The United Nations Biodiversity Conference, referred to as COP15, starts next week in Montreal, with governments from around the world coming together to agree, amongst other things, on a new set of goals and targets that will guide global action on nature through 2030.
The world can’t reach net zero by 2050 without ending deforestation this decadeNew analysis shows over 90% of major forest, land and agriculture companies that have committed to net zero could be at risk of missing their climate commitments due to a lack of action on deforestation.
Our forests and oceans are life’s support system. They are the lungs of our planet, helping to regulate our climate, while directly supporting the livelihoods of over a billion people. The social and economic benefits of these services are estimated to be in the trillions.
Today, it’s clearer than ever that there is no solution to climate change without a solution to tropical deforestation. Yet, despite recent efforts, deforestation increased by 12% between 2019 and 2021.
By protecting and restoring forests around the world, we can achieve 18% of the emissions cuts needed by 2030 to prevent catastrophic climate change. In doing so, we must ensure we protect and restore vital ecosystems while putting indigenous peoples and local communities at the heart of the solutions.
The forest, land and agriculture industries are critical to this. These sectors contribute 22 percent to global emissions, half of which come from deforestation driven by commodities providing food, fibre, feed and fuel. That’s 12 times more than we generate from aviation, which means these companies have as big a role to play as those critical sectors such as energy, steel, and cement.
Put simply, zero deforestation is not an option but a strategic necessity for companies with land-based value chains to deliver on their net-zero plans. It’s also vital for building resilience against the challenges we face including food security and the supply of other key commodities that billions rely on. That’s why the Race to Zero in collaboration with key partners commissioned new research to support and drive accelerated implementation.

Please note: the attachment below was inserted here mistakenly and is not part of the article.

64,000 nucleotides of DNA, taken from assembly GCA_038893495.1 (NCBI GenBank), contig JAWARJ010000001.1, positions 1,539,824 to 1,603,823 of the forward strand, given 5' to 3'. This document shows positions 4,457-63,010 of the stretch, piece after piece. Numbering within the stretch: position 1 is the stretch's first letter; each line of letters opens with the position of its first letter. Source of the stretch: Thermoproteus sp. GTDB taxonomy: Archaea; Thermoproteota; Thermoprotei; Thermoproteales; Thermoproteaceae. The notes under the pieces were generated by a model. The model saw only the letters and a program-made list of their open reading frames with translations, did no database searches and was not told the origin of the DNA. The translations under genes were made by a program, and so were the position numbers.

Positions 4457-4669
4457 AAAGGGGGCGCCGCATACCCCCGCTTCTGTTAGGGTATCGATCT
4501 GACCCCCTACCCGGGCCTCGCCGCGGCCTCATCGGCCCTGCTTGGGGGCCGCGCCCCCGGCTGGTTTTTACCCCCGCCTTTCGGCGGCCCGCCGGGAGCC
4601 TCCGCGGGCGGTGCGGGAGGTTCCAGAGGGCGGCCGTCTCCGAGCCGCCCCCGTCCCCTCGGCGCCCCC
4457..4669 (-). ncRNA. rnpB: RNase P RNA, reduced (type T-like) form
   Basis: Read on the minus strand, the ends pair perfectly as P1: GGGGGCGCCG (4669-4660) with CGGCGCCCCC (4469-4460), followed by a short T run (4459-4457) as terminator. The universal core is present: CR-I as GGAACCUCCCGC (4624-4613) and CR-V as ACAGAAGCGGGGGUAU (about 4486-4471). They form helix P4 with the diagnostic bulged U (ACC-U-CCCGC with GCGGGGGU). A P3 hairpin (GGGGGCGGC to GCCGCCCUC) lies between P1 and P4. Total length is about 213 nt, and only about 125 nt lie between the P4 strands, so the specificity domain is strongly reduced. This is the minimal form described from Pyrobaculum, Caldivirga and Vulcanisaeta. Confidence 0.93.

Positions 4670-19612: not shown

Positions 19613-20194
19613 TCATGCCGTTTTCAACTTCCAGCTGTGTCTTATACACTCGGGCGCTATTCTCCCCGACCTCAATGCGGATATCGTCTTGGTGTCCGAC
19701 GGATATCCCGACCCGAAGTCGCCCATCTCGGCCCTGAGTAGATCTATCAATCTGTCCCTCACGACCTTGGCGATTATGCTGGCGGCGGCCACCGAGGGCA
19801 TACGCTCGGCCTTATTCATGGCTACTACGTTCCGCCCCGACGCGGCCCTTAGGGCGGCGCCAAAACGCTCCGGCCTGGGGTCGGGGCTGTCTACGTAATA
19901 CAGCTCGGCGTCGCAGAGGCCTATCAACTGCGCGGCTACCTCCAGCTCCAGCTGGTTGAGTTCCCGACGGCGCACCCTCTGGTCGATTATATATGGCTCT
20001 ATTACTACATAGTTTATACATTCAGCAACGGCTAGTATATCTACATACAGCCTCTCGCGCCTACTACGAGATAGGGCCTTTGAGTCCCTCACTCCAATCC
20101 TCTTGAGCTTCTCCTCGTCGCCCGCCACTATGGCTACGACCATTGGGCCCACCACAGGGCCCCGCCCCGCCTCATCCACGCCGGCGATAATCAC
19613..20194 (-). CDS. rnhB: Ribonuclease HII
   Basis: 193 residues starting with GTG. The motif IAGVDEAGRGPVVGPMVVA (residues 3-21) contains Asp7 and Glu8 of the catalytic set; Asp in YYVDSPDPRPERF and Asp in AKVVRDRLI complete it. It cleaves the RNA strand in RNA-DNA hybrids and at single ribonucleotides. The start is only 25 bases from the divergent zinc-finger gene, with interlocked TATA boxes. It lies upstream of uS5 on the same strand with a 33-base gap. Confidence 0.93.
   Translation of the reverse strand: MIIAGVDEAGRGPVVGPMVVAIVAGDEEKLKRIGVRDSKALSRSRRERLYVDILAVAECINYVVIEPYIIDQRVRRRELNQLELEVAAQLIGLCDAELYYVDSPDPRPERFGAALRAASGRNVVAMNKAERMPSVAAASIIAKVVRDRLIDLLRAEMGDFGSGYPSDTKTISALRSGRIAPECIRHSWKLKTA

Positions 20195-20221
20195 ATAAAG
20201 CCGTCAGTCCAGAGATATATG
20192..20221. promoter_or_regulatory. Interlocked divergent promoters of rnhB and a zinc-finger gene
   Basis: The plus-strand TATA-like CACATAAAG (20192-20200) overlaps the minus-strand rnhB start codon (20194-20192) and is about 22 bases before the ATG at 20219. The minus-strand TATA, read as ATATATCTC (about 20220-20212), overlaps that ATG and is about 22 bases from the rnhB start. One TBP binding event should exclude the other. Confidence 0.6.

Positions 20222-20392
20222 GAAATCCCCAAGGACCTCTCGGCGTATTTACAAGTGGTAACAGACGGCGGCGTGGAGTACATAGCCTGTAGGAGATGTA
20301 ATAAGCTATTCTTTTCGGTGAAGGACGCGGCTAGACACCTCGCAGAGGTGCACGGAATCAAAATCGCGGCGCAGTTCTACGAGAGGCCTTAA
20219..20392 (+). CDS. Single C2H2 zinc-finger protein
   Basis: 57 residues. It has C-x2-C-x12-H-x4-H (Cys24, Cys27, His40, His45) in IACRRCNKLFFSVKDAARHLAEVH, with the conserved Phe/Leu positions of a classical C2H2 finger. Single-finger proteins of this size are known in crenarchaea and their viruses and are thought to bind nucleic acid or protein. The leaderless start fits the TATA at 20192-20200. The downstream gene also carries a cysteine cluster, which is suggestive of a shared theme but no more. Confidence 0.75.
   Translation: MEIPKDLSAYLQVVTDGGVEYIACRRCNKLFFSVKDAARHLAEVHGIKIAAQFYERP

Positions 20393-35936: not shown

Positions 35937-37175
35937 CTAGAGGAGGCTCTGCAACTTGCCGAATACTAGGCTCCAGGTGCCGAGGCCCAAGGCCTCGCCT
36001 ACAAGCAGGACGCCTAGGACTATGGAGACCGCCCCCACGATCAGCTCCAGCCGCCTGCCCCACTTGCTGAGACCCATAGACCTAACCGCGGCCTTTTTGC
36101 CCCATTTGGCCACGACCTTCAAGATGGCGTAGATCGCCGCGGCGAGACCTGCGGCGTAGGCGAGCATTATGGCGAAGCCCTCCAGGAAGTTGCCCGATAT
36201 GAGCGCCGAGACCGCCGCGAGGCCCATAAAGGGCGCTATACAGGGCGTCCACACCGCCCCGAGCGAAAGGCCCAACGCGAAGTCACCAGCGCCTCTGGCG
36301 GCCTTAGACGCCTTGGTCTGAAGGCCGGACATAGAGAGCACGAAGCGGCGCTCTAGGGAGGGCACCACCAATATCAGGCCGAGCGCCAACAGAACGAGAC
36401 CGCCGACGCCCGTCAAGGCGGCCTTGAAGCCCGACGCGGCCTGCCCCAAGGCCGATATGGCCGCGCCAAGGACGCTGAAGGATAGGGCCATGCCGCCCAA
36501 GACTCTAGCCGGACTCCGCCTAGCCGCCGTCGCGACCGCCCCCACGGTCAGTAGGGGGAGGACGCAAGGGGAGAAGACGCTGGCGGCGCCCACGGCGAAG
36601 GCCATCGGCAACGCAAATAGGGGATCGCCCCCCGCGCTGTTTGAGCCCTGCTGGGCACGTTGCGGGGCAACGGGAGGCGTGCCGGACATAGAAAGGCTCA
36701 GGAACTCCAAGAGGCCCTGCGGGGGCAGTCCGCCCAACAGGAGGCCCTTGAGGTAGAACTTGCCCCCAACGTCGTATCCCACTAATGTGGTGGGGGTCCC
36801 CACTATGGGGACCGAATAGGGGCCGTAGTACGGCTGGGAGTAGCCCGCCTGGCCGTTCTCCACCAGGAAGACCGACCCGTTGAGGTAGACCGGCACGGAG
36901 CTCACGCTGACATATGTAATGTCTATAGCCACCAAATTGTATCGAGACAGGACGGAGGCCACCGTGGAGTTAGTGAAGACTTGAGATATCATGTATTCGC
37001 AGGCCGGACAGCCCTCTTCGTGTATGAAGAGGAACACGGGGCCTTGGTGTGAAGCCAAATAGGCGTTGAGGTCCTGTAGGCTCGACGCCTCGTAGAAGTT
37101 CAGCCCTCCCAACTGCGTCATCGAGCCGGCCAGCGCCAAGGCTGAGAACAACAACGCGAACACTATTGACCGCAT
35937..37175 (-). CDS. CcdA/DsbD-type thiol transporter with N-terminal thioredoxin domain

It comes as the world begins to “call in” evidence of tangible progress against commitments, made in the run up to COP26 last year and ahead of COP27.
The only currency that matters now is the quality and pace of delivery. We can and must ensure that yesterday’s ambitious announcements will be fulfilled.
Time is shorter than most people think.
Expert partners like the Accountability Framework initiative have highlighted that to reach net zero the majority of commodity-driven land clearance and deforestation must be halted by 2025.
The good news is there are a small but growing number of companies that are leading the way and showing it’s not only possible, but beneficial to the bottom line to deliver on deforestation commitments as a core component of reaching net-zero.
What’s more the forthcoming methodology from the Science Based Targets initiative, specifically for companies with a footprint in the forest, land and agriculture sector, can help guide target setting and strategy. And the recently updated Race to Zero ‘starting line’ Criteria (3.0) calls for members to pledge to halt deforestation and protect biodiversity, making their activities consistent with climate resilient development.
But we need much more – all companies in the sector need to be committed to net-zero and tackling supply chain deforestation as a burning priority.
Now is the time to act to protect and restore our life-support systems, working alongside indigenous peoples and local communities, to achieve our net-zero and nature-positive future.
Learn more about our work to eliminate agricultural commodity-driven deforestation
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